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Am J Health Promot. 2016 Sep;30(7):498-500. doi: 10.4278/ajhp.131216-ARB-643. Epub 2016 Jun 16.

Promoting Influenza Vaccination to Restaurant Employees.

Author information

1
VA Puget Sound Health Care System, Seattle, WA.
2
Department of Health Services, University of Washington School of Public Health, Seattle, Washington Health Promotion Research Center, a Centers for Disease Control and Prevention Research Center, Seattle, Washington jh7@uw.edu.
3
Department of Health Services, University of Washington School of Public Health, Seattle, Washington Health Promotion Research Center, a Centers for Disease Control and Prevention Research Center, Seattle, Washington.
4
Immunization Services Division, Centers for Disease Control and Prevention, Atlanta, Georgia.
5
Department of Health Services, University of Washington School of Public Health, Seattle, Washington Seattle Children's Research Institute, Seattle, Washington.

Abstract

PURPOSE:

To evaluate an evidence-based workplace approach to increasing adult influenza vaccination levels applied in the restaurant setting

DESIGN:

We implemented an intervention and conducted a pre/post analysis to determine effect on vaccination.

SETTING:

Eleven Seattle-area restaurants.

SUBJECTS:

Restaurants with 25+ employees speaking English or Spanish and over 18 years.

INTERVENTION:

Restaurants received influenza vaccination promotion materials, assistance arranging on-site vaccination events, and free influenza vaccinations for employees.

MEASURES:

Pre/post employee surveys of vaccination status with direct observation and employer interviews to evaluate implementation.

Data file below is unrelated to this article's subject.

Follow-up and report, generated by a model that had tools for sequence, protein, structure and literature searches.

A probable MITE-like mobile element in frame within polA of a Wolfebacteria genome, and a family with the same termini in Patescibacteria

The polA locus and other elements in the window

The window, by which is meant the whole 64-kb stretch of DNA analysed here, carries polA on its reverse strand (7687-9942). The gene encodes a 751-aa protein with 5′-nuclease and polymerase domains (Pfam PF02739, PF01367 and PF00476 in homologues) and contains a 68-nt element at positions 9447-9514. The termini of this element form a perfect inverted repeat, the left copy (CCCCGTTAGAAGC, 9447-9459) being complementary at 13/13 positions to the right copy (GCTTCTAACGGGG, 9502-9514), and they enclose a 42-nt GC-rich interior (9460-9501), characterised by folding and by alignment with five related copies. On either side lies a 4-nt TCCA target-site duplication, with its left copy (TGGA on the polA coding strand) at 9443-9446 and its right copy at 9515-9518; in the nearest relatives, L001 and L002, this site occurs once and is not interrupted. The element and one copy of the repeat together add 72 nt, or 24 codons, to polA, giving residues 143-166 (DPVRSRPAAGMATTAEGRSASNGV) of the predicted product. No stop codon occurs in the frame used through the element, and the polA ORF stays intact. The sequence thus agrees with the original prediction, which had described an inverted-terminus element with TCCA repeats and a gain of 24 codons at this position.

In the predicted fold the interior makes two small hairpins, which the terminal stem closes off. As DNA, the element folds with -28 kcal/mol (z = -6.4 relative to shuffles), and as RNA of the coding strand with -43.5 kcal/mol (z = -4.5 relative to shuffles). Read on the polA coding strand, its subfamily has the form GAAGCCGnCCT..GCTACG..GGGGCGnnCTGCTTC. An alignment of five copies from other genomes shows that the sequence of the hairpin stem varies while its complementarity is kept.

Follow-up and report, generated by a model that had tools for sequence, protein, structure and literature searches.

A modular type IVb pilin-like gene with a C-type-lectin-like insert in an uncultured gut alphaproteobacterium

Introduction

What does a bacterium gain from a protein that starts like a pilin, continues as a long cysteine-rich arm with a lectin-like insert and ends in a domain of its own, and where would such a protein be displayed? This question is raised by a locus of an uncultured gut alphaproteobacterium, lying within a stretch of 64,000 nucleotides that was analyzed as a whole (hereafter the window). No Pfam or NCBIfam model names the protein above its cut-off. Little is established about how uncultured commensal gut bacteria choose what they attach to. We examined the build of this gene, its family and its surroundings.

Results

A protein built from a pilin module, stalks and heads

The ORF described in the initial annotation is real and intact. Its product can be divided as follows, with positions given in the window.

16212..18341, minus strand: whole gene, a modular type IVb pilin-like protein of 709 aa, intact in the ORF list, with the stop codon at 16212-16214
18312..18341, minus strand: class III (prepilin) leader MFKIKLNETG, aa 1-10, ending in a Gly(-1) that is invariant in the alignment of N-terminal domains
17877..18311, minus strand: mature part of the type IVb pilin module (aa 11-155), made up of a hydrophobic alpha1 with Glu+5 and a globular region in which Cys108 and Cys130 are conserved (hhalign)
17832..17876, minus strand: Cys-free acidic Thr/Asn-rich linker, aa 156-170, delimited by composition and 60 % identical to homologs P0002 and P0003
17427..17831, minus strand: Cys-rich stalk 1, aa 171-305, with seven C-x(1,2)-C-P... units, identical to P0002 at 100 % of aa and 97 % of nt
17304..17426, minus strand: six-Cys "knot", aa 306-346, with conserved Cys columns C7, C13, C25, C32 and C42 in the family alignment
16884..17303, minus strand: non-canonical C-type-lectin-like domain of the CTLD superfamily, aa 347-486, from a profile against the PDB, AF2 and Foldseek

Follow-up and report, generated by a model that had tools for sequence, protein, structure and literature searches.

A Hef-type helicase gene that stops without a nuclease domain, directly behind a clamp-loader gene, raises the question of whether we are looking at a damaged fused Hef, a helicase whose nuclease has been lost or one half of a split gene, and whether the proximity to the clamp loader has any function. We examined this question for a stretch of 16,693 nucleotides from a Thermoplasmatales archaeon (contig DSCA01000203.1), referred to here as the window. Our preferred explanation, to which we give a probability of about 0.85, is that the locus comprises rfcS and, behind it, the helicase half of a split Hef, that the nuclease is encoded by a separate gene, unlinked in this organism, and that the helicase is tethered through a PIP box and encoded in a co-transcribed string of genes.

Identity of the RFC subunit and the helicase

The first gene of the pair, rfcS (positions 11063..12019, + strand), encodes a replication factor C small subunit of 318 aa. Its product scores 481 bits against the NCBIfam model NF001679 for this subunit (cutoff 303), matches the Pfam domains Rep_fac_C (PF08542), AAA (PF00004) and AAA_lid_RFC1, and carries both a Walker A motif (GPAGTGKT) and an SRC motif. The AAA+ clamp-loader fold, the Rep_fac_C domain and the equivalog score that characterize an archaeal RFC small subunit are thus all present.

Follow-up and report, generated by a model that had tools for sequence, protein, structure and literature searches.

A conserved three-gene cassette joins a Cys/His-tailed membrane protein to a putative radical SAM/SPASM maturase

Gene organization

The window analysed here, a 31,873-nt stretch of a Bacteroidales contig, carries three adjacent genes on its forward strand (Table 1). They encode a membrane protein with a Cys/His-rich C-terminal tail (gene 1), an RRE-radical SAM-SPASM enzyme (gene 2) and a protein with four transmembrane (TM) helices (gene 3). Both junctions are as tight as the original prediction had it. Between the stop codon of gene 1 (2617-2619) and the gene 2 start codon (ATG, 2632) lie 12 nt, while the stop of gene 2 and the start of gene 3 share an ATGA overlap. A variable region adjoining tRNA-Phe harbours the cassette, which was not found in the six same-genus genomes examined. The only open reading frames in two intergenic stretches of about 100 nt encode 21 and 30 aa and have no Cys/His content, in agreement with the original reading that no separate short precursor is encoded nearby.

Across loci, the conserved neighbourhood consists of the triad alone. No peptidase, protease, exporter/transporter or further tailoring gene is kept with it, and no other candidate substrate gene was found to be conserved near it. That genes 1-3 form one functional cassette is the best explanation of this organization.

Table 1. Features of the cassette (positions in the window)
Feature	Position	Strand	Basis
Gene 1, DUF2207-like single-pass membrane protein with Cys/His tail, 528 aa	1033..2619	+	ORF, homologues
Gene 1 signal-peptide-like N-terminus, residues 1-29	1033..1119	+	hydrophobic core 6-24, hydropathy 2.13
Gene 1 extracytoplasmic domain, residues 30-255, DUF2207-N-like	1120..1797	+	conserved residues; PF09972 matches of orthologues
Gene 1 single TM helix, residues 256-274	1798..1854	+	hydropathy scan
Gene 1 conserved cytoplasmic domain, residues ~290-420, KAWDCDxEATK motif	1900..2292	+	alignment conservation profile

ANALYSIS:

We conducted descriptive analysis of employee survey data and performed qualitative analysis of implementation data. To assess intervention effect, we used a mixed-effects logistic regression model with a restaurant-specific random effect.

RESULTS:

Vaccination levels increased from 26% to 46% (adjusted odds ratio 2.33, 95% confidence interval 1.69, 3.22), with 428 employees surveyed preintervention, 305 surveyed postintervention, and response rates of 73% and 55%, respectively. The intervention was effective across subgroups, but there were restaurant-level differences.

CONCLUSION:

An access-based workplace intervention can increase influenza vaccination levels in restaurant employees, but restaurant-level factors may influence success.

KEYWORDS:

Employee; Health focus: medical self care; Hispanic/Latino; Immunization; Influenza; Manuscript format: research; Outcome measure: behavioral; Prevention Research; Promotion; Research purpose: intervention testing; Setting: workplace; Strategy: behavior change; Study design: pre/post analysis; Target population age: adults; Target population circumstances: low-income; Vaccination; Workplace

PMID:
26305606
DOI:
10.4278/ajhp.131216-ARB-643
[Indexed for MEDLINE]

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